Like a lot of maturing markets the CMS world has become a bit like buying a car or any other financial ‘product’. 

  • Monolith is probably the equivalent of buying a mid-range second hand car. Relatively inexpensive but some major repairs (or as we call them ‘CMS upgrades’) required along the way.
  • Fully Headless is your shiny best of breed car. It will look great and perform wonderfully but it will take some lots of upkeep. That’s great if your website is fundamentally important to your business as you should constantly invest in it. 
  • Hybrid is a new hybrid car on a long term finance deal. It’s got some of the newer technology but has some nice familiar features. It will require constant investment but likely to be a more affordable level than fully headless and relatively predictable. 

This stripped back graph illustrates typical shape and size of expenditure. This does make ‘hybrid’ and ‘headless’ websites trickier to treat as depreciating capital expenditure projects. This isn’t necessarily a bad thing though as all sizeable websites always need regular ongoing investment.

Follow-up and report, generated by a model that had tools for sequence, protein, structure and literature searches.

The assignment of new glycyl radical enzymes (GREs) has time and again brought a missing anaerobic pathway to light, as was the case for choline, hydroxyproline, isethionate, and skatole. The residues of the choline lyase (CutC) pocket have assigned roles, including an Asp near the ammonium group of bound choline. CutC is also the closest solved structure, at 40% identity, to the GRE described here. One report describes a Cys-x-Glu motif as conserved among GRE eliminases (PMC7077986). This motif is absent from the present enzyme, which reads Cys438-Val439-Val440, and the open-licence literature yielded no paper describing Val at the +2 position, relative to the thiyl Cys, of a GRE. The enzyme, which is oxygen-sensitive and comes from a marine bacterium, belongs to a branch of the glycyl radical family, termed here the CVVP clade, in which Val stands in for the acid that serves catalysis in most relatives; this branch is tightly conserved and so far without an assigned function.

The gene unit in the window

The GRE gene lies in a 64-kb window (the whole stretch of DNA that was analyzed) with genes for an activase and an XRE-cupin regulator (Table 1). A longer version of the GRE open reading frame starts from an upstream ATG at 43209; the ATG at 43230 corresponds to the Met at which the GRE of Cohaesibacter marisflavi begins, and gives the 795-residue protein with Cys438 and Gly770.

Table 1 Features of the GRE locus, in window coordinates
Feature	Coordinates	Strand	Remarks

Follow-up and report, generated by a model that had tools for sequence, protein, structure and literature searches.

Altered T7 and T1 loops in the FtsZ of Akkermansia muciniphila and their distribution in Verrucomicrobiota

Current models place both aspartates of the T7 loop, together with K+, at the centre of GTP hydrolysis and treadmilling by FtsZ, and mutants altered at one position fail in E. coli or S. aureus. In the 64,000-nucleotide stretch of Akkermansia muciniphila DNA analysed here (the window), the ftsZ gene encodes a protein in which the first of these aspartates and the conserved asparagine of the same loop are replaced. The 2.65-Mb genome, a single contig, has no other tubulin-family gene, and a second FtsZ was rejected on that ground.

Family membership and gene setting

There’s lots to consider and it’s very tricky for client organisations to make these decisions on their own. It’s also hard for us to assess our own suitability for each client that we speak to. To ensure that potential technology investments and working partnerships feel right we always expect a consultative new business process. We are happy to talk to you about our six stage process for selecting the right platform for your organisation. Email me at and we will set up an appointment.